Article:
Enrolled in the study were 501 couples from Michigan and Texas from 2005 to 2009; the women ranged from 18 to 44 years of age and the men were over 18; the couples were not being treated for infertility but were trying to conceive a child. The couples were part of the Longitudinal Investigation of Fertility and the Environment (LIFE) study, established to examine the relationship between fertility and exposure to environmental chemicals and lifestyle. Previous analyses from the LIFE study found that high concentrations of polychlorinated biphenyls as well as of lead and cadmium also were linked to delayed pregnancy. (NICHD authors: G.M. Buck Louis, Z. Chen, R. Sundaram, L. Sun, Fertil Steril 100:162–169.e2, 2013)


NIDDK: RESEARCHERS BETTER UNDERSTAND RECEPTORS THROUGH NOVEL MOUSE MODEL

cells all lit up in different colors

JENNIFER BERGNER AND MARI KONO, NIDDK

Cells that have been activated through the sphingosine-1-phosphate receptor (green nuclei) are shown in this liver section from SIP1–green fluorescent protein reporter mice. Immunofluorescent labeling of albumin (red) identifies hepatocytes. Staining with 4',6-diamidino-2-phenylindole (blue) indicates cell nuclei. 

A team of NIDDK scientists have discovered a way to better comprehend how certain receptors work. The scientists created the first mouse model enabling them to detect cells in which a G-protein coupled receptor (GPCR) has been triggered. In this case, the specific GPCR recognizes a lipid signal called sphingosine-1-phosphate, important for controlling inflammation, a process that occurs when the body is injured.

GPCRs are not only triggered by environmental signals related to tastes, odors, invading pathogens, and more but are also targets for nearly half of all medications used today. The new mouse model not only will allow a better understanding of how GPCRs work in the body but also may help in the development of new medicines to combat diseases in which inflammation is involved. (NIDDK authors: M. Kono, A.E. Tucker, J. Tran, J.B. Bergner, E.M. Turner, R.L. Proia, J Clin Invest DOI:10.1172/JCI71194)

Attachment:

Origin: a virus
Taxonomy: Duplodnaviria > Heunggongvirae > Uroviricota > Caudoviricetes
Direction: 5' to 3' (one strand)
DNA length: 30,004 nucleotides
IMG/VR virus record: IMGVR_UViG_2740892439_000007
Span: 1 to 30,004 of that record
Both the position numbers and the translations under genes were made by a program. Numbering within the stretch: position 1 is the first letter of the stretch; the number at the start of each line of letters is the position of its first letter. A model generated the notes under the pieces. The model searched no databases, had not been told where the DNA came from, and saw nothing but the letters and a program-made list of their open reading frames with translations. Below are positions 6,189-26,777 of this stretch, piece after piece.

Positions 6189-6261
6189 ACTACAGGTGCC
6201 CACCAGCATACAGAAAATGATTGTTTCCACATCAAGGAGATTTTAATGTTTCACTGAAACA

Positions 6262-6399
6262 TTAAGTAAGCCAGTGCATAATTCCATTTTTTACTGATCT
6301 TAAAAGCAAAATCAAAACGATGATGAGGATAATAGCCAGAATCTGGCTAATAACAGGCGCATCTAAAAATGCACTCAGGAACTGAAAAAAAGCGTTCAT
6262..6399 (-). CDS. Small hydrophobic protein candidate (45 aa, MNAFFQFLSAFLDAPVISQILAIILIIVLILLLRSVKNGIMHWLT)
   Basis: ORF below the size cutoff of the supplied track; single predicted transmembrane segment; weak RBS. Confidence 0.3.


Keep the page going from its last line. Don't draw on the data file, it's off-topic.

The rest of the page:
NIEHS: PREVALENCE OF ALLERGIES THE SAME, REGARDLESS OF WHERE YOU LIVE

In the largest, most comprehensive nationwide study to examine the prevalence of allergies from early childhood to old age, NIEHS scientists reported that allergy prevalence is the same across different regions of the United States, except in children five years old and younger. Allergists would have predicted that allergy prevalence varied depending on where people live. This study, however, suggests that people prone to developing allergies are going to develop an allergy to whatever is in their environment.

The research is the result of analyses performed on blood serum data compiled from approximately 10,000 Americans in the National Health and Nutrition Examination Survey (NHANES) 2005–2006. Although the study found that the overall prevalence of allergies did not differ among regions, researchers discovered that one group of participants did exhibit a regional response to allergens. Among children aged one to five, those from the southern United States displayed a higher prevalence of allergies than their peers living in other U.S. regions.

The higher allergy prevalence among the youngest children in Southern states seemed to be attributable to dust mites and cockroaches, the researchers explained. As children get older, both indoor and outdoor allergies become more common, and the difference in the overall prevalence of allergies fades away.The NHANES 2005–2006 not only tested more allergens across a wider age range than prior NHANES studies, but also provided quantitative information on the extent of allergic sensitization. The survey analyzed serum for nine different antibodies in children aged one to five years and 19 different antibodies in subjects 6 years and older. Previous NHANES studies used skin-prick tests to test for allergies.

The scientists determined risk factors that made a person more likely to be allergic. The study found that in the six-years-and-older group, males, non-Hispanic blacks, and those who avoided pets had an increased chance of having allergen-specific immunoglobulin E antibodies, the common hallmark of allergies. Socioeconomic status (SES) did not predict allergies, but people in higher SES groups were more commonly allergic to dogs and cats, whereas those in lower SES groups were more commonly allergic to shrimp and cockroaches.